History of the Village of Stoney Middleton

By Thomas E. Cowen (1910)

Transcriptions by Rosemary Lockie, © Copyright 2003

History of the Village of Stoney MiddletonTHE CAEL'S WARK OR GAEL'S WARK CAVERN

THE CAEL'S WARK OR GAEL'S WARK CAVERN.

Near this rock is the Cael's or Gael's Wark Cavern, in which the body of the Scotch pedlar who was murdered in the Old Moon Inn yard was found about 1763. His clothes, shoes, and buckles assisted the work of identifying the decomposed remains. The bones, etc., were deposited in a large box, which stood in a corner of the north aisle of Eyam Church, in view of a more certain identification, later, however the bones were interred, but Matthew Hall, king of

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Eyam ringers, wore the shoes to the last. A woman, the principal of this dark deed, died miserably of cancer.

  “For now the Scotchman issued from the cave
Of Caelswark dark, his sepulchre and grave,
Throat cut and gory, gaping, ghastly corse
Which passed him dangling on the murderer's horse.”
 
 R. Furness.

It has been explored to the extent of about 200 paces, when a deep water prevented further progress. The roof is in some places so low that the cavern cannot be penetrated in an erect position; in others the passage is of considerable capacity, and it furnishes many beautiful crystalizations. It is a dreary hole, and the entrance into it is now nearly closed up by the falling of a mass of rubbish from above.

“About 44 years ago some workmen were clearing the rubbish from the rock near the noted cavern of Caelswark, in Middleton Dale. They discovered a pair of bracelets or Armillæ made of base silver covered with at least 8 feet of gravel. On examination they were found to be a very good base silver alloyed with copper, etc., and appeared to have been much worn, for a portion of the pattern is obliterated. Each termination of the bracelet has the same rude attempt at snake head ornamentation. We may safely assign these relics to the 2nd or 3rd centuries. Mr. Bagshaw purchased them, and doubtless presented them to Lomber Dale Museum, ;near Youlgreave”. - “The Reliquary”, 1867-8.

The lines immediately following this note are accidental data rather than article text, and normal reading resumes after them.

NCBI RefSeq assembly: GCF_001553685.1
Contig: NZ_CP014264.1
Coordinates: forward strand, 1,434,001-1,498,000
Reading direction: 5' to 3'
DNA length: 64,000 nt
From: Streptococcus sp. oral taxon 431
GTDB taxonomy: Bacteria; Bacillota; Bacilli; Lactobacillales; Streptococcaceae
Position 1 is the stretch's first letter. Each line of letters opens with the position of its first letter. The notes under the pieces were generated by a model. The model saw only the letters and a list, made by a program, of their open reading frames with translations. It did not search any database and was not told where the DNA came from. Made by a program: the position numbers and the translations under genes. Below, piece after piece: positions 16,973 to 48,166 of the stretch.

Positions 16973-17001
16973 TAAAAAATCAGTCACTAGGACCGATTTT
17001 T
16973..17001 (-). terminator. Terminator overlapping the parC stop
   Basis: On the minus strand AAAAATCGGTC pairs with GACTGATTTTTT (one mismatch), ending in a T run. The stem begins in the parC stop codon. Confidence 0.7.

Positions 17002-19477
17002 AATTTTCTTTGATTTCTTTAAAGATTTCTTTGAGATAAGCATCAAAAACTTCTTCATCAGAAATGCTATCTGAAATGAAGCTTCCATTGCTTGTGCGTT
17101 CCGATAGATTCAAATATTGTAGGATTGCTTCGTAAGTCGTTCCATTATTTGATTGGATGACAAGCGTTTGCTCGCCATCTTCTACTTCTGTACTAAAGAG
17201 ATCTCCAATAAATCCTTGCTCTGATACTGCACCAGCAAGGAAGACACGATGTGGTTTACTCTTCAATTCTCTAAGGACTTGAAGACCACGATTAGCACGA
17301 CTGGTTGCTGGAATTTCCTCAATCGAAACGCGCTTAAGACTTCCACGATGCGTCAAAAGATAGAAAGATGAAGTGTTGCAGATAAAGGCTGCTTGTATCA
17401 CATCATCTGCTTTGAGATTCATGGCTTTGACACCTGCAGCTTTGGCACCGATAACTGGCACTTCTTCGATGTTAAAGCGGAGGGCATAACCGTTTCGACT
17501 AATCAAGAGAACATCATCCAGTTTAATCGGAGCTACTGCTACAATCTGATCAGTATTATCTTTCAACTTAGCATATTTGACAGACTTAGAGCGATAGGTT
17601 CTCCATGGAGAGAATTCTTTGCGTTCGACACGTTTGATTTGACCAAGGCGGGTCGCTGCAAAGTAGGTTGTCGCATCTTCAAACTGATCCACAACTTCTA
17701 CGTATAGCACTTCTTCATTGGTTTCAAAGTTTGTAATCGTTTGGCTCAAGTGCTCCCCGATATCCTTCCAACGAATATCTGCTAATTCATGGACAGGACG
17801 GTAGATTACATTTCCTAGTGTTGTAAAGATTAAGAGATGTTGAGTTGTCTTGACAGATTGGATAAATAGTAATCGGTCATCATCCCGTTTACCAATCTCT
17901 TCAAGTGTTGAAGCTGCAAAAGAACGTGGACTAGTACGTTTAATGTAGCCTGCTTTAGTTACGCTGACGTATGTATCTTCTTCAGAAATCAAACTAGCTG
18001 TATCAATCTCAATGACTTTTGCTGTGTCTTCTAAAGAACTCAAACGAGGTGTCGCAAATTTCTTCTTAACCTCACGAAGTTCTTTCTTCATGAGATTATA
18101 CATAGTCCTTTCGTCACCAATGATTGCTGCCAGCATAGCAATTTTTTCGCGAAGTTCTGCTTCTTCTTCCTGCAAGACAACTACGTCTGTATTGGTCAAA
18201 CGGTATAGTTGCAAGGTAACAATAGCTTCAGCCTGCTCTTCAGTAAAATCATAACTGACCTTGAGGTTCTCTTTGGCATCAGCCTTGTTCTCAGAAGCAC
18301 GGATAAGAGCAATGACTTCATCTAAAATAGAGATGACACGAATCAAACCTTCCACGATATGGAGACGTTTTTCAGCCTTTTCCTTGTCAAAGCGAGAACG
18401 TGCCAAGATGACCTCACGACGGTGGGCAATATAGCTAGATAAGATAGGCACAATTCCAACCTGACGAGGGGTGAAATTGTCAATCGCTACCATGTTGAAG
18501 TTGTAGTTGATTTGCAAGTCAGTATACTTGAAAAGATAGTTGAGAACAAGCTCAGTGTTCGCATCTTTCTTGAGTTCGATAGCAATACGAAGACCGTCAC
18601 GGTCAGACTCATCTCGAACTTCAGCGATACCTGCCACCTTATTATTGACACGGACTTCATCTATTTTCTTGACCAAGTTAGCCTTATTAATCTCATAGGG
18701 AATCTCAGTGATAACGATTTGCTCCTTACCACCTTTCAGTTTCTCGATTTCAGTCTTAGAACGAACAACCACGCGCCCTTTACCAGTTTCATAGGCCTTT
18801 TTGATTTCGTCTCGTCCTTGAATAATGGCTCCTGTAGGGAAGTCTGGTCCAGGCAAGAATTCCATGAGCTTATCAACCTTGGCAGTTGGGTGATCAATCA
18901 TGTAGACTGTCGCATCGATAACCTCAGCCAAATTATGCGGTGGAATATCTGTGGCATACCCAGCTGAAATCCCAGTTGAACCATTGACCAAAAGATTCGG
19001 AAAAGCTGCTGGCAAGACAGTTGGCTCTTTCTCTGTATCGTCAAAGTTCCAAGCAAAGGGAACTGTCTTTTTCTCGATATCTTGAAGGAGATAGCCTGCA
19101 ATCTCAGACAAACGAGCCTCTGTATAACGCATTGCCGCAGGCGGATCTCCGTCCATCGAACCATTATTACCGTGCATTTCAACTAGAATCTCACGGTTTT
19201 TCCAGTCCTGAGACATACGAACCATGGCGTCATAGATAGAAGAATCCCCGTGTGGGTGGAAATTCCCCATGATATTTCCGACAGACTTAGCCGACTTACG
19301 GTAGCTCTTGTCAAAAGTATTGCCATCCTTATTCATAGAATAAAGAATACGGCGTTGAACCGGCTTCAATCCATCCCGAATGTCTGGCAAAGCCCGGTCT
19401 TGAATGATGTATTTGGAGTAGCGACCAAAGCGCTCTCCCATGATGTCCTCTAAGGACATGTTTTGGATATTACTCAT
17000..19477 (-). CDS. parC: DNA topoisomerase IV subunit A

[Ed: A sketch of the Armillæ is reproduced opposite Page 50]

The Merlin Cavern is situated near Middleton Dale in Rock Gardens. This cavern, which is rich in stalacites and stalagmites. was re-opened a few years ago, but the roof has now fallen in places.

  “Where Merlin's Cave beneath a hanging shade
Stalagmi graced the encrusted marble roof,
Form'd here a prison, and here a crystal cone,
There bees impendent, round a hive of stone.”
 
 R. Furness.

Charleswark (Gaels Wark) is at the foot of a rock 93 yards yards high. The entrance is 6 yards high and 8 yards wide. The pedestrian can walk on 5½ yards and arrives at an impassable deep stagnant pool or lake, which opens into Eyam Dale, about half a mile distant. By another grotto it opens near Foolow about a mile and half away and passes under Eyam Church.

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The highest rock is called Windy Torr, from the top of which, to the Mouth of BOSSEN HOLE (Bossen in this Country Dialect means Badger) is 55 yards in height, and from the Hole to the Brookside the distance is 30 yards. The entrance to the cavern is by a small foot road about a yard broad like a walk in the Middle of the Rock.. The entrance in is of the same breadth but 5 feet higher. This would form an excellent shelter for sheep.

Dr. Short, writing in 1734, says: BAMFORTH HOLE (or the “Wonders”) is 49 yards from the, top of the rock. The entrance is 5 feet high, and the pedestrian goes on shoulder foremost for 40 yards, and then comes a rise of 13 yards (in all the way it is not a yard wide). Then there is a step to climb, 6 feet high, when the traveller enters the middle of a large cave, in which are vast stalacititious petrefactions. Leaving the Cave, go 25 yards forwards, you see a magnificent subterranean State Room, 9 yards wide and 2 yards high, the most stately and awful Dome I ever saw. There are numbers of various kinds of beautiful transparent statues with several regular ranks of fine pyramids and other curious figures, some on pedestals and others reaching the roof, as though wishing to support this 'Reproach of Art'.

In the middle of this room is a basin 3 yards long and 2 wide. On each side of this is a statuary pillar of stalactites on finely polished marble, and another in the middle upon a pedestal. There is a small passage, a few feet down, leading to several eaves underneath. The roof is adorned with shells here generated and generating sundry colours.

I went 364 yards into the cave and saw no end, but the passages are going on under the whole mountain like coney burrows.

End of Chapter XIII: => THE WAKES

OCR/transcript by Rosemary Lockie in February 2003.

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